Rule of law is not arbitrary rule


LETTER | The new Pakatan Harapan government claims to be serious about implementing the rule of law in this country without fear or favour instead of the arbitrary application of the law which we have witnessed for the past 61 years. However, against this principle, some of the recent changes in government institutions and actions by the new administration are cause for concern.

1. The attorney-general must be truly independent

First, it has been reported that Lim Guan Eng’s lawyer plans to make representations to the new attorney-general for the corruption charges against him to be dropped or changed. After the shenanigans associated with the last “BN-friendly” attorney-general that we are presently beholding, I’m surprised the new Harapan government would want to be seen to be doing the same with a “Harapan-friendly” AG.

Now, if we are not to slide into banana republicanism instead of upholding the rule of law as claimed by the new prime minister, the new attorney-general should not only be strictly independent but must be seen to be independent and not an instrument of the ruling party. The Malaysian people did not sack the old regime to put in place the same old same old.

People have a sense of justice. We do not tolerate double standards and the attorney-general has to be scrupulously neutral if he/she is not to be accused of partiality. Rule of law implies that every person is subject to the law and that includes the powerful and the well-connected. When the attorney-general’s chambers is abused for political ends, we will no longer have faith in the rule of law.

Once the system is not seen to be fair, people will lose faith in the legal system in this country and we will have anarchy. It is the rule of law applied without fear or favour that protects individuals, and society as a whole, from arbitrary measures and safeguards personal liberties.

2. What are the terms of reference of the Council of Eminent Persons (CEP)?

Then we had a ‘council of elders’ thrust upon us with unknown terms of reference and without constitutional precedence. Before further statements and actions are taken by the CEP, Malaysians want answers to important questions:

(i) Is this council merely an advisory function to the cabinet or just to the prime minister?

(ii) Was the chairperson of this council elected by the council or appointed by the prime minister?

(iii) Is its sell-by date 100 days or is that just Daim Zainuddin’s own agenda that he recently announced?

(iv) Will a council place be reserved for Dr Mahathir Mohamad when he hands over the prime ministership to Anwar Ibrahim?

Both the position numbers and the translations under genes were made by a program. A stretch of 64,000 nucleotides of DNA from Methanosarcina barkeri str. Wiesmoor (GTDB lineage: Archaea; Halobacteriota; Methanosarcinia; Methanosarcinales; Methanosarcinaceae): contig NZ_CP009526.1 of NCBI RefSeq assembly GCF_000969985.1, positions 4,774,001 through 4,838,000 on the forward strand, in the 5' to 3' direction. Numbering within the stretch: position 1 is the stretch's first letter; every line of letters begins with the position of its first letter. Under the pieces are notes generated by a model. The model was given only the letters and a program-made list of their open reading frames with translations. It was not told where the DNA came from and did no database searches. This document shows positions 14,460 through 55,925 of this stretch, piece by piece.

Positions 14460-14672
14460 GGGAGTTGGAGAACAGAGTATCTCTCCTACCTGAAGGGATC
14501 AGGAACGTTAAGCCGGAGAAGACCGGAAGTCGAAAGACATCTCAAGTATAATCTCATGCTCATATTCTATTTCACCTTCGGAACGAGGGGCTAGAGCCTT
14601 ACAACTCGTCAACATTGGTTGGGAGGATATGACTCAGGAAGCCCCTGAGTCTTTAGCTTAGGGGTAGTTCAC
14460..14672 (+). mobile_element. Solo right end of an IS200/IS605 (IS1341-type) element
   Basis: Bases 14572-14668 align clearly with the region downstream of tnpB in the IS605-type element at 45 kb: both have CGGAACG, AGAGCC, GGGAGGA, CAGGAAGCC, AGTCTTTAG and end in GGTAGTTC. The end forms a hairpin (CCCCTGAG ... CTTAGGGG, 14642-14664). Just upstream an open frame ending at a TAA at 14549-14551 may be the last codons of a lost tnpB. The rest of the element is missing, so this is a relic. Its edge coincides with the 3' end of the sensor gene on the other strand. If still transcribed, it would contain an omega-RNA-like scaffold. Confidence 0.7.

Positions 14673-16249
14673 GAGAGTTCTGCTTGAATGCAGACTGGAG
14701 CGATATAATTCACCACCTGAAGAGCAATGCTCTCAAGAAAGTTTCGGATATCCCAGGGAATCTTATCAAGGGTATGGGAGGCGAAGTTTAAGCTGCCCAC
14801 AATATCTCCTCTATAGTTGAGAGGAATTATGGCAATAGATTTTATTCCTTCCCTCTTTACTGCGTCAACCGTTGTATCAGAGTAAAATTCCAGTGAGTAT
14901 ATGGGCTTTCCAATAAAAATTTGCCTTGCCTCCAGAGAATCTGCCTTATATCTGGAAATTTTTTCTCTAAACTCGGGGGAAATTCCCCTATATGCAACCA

This is why the specific terms of reference for the council of elders must be clear for all to see. Now, if this council is merely an advisory role, why did Anwar Ibrahim warn us to be wary of Daim in a recent interview:

“… people are also expressing deep consternation that he has been unable to explain some major problems in the past […] People say there’s no need to bring old baggage, which is true, but to me, if you want to talk about democratic accountability, it must not stop at (former prime minister) Najib (Abdul Razak).”

3. Put an end to ministerial and prime ministerial prerogative in our laws

Many of our laws have a rider that allows the minister to have the final say on the interpretation of the law. Other laws such as the Petroleum Development Act 1974 gives inordinate power to the prime minister as pointed out by former UN special rapporteur on the independence of judges and lawyers, Param Cumaraswamy:

“Section 3 of the Petroleum Development Act 1974 empowers the prime minister to direct the board of Petronas as he deemed fit. Such directions are binding on the board notwithstanding any written law to the contrary.” (Foreword to ‘Racism & Racial Discrimination in Malaysia’ by Kua Kia Soong, Suaram 2015: xii)

Such prerogative powers should not be in the hands of ministers and the prime minister if we truly believe in the rule of law and work should start to clean up all such laws to ensure they are “people-friendly”.

Want of transparency, accountability and good governance in public administration and government-linked corporations has brought the system of governance into an appalling state. The blatant abuse of power resulting in misuse of public funds with impunity led to the fall of the old regime.

Malaysians expect better laws, proper procedures and transparent processes. In other words, we want rule of law, not arbitrary rule, please.

The writer is human rights NGO Suaram's advisor.

The views expressed here are those of the author/contributor and do not necessarily represent the views of Malaysiakini.


Welcome back,

Your subscription expires on

Your subscription will expire soon, kindly renew before

Your subscription is expired
  Click here to renew

You are not subscribed to any subscription package
  Click here to subscribe now

Any questions?
  Email: [email protected]
  Call: +603-777-00000